How to become a good writer

How to become a good writer

by David Patterson

How do you become a good writer? How do you reach the point where you’re able to mold the clay of words and the shapes of sentences into graceful vessels capable of holding your ideas and imaginings. In short, how do you reach your full potential as a writer? By doing three things:

  1. Reading good writing.

  2. Writing, and writing, and writing…

  3. Finding someone who will read what you write with a critical eye and share that criticism with you.

Reading good writing

As a writer you are, in many ways, what you read—especially when it comes to those parts of you that most directly execute the craft of writing. The results of the process of writing are not the words and sentences you put on paper or screen. Those words and sentences are only the tools of writing. The results of writing are the placement in readers’ minds of questions and answers, reactions and deductions, realizations and reassurances, the expected and the unexpected. In order to maximize your writing results, you need to know what those writing tools are capable of producing in the hands of masters of the craft.

It's a bit like driving a car. You may be capable of getting behind the wheel. A car is after all a common tool of our times. But are you capable of driving 200 miles an hour while weaving in and out of bumper-to-bumper traffic in an attempt to get ahead of the cars in front of you while at the same time preventing the ones behind from passing? My guess is no. In fact, you probably wouldn’t even be aware of driving at that speed under those conditions if it weren’t for the existence of racecar drivers—the reigning masters of the craft of driving.

The same is true of writing. If what we read had never progressed beyond the primers that taught us how to read, it would be all but impossible to leap from Dick and Jane and Spot to writing about the trials and tribulations of Hamlet, Gatsby, and even Homer Simpson.

Reading stretches and deepens us as writers. It shows us the variety of ways in which content can be conveyed, and if we take the time to analyze how a piece of writing actually works—to deconstruct it—we get to see exactly how its writer handled the tools of his/her craft. If we’re going to take the time to do all that, then we might as well do it with the output of the best writers. Sure you can learn from the merely capable, but there is so much more to be gained from the best. That's why reading good writing is essential to becoming a good rather than a merely capable writer.

Writing and writing and writing and…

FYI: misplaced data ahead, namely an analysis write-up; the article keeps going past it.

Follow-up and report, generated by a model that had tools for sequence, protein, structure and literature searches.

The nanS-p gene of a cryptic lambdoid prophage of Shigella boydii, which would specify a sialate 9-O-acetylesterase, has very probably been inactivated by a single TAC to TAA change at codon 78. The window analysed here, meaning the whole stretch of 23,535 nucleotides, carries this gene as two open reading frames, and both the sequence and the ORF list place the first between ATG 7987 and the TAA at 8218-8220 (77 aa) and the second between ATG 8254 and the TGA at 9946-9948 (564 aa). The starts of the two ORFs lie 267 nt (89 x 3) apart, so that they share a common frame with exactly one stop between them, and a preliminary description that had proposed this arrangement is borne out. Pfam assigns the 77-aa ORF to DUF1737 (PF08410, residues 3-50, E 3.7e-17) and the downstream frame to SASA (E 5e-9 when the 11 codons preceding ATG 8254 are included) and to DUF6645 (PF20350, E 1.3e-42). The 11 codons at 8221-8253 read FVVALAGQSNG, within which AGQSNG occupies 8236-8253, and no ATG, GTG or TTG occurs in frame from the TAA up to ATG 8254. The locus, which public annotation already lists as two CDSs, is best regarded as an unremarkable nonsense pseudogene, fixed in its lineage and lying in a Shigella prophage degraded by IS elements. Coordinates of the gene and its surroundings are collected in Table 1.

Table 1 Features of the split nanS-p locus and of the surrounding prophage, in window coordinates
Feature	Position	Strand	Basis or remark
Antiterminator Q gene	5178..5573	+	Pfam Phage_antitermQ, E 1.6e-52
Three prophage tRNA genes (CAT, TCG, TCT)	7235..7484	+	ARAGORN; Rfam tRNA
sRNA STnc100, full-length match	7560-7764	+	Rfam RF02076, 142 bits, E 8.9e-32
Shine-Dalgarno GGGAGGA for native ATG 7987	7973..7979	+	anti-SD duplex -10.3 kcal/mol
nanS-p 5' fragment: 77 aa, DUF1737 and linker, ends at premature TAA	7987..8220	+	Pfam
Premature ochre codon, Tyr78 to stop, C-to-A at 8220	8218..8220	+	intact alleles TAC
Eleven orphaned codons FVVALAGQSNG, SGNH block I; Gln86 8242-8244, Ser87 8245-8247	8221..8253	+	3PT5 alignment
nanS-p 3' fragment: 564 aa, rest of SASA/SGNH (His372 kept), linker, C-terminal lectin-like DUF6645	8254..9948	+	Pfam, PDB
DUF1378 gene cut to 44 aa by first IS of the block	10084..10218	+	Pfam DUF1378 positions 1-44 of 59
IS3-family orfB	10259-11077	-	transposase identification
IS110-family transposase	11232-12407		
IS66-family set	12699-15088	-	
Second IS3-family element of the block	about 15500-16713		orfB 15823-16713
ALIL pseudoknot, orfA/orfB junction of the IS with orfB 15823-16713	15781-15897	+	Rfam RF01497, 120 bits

Malcolm Gladwell in his book Outliers: The Story of Success wrote about what it takes do to something exceptionally well. Tthere were a number of factors involved in becoming a great athlete, musician, artist, scientist, writer, etc. But one component was always there no matter what the discipline—10,000 hours. That’s the amount of time Gladwell says someone must do something before becoming a master of it. Now, the number 10,000 is a little too neat—too round—for my liking, but who cares whether the number is 9,942 or 10,811? It’s the magnitude of time and effort it takes to maximize the talent your are born with and the skills you develop that Gladwell’s talking about. Let's translate those 10,000 hours into words, and let’s say that you can only write 100 to 200 good words an hour. Even with that limited output, 10,000 hours adds up to one to two million words. By the way this paragraph has 173 words in it, and I wrote and polished it in eight minutes. (I timed myself.)

Practice may not make perfect, but it certainly makes better. Masters of their craft are people who have practiced, and practiced, and practiced, and…

Tell me what you think—really I want to know

For me the hardest thing about writing something is when it gets read. I always want to know what people think about it, and at the same time I’m always fearful that they won’t like it. A bit of a conflict there wouldn't you say. So I guess I really, I don’t what to know what they think, unless they’re going to tell me how wonderful, how spectacularly life changing my writing was. The problem is I really need to hear it all—the good and the bad and the ugly.

Writing in a vacuum, without feedback can be done, but it multiplies the risk that what you write gets written for an audience of one—you. It’s sort of like having a conversation with yourself. Who better to agree with you than you. When you’re in the process of writing a nonfiction book and no one is reading your output as you go along and then sharing what they thought about it with you, it becomes just as easy to over write as it is to under write. You can fall into the trap of assuming too much knowledge on the part of readers. Oh, and you can fall into the trap of writing down to a point where readers are left feeling, “Does this writer think I’m an idiot, or what!”

If you want to improve your writing and deliver a more complete and better functioning finished product, find a critical reader, share with that reader what you are writing as you write it, elicit feedback from that reader, and pay attention to that feedback. Sometimes such a reader is called an editor or agent. Sometimes spouse, friend, or fellow writer. Whoever it is, find him or her and do it early in your writing process. If you can, find more than one. The key here is that the reader has to be a truly critical reader, not someone unwilling to tell you about the bad and the ugly.

Reading, writing, and listening

These three things—reading, writing, and listening—don't guarantee you'll become a good writer, but failure to read good writing, to write a lot, and to listen responsively to criticism is a guarantee that you will not write as well as you might.

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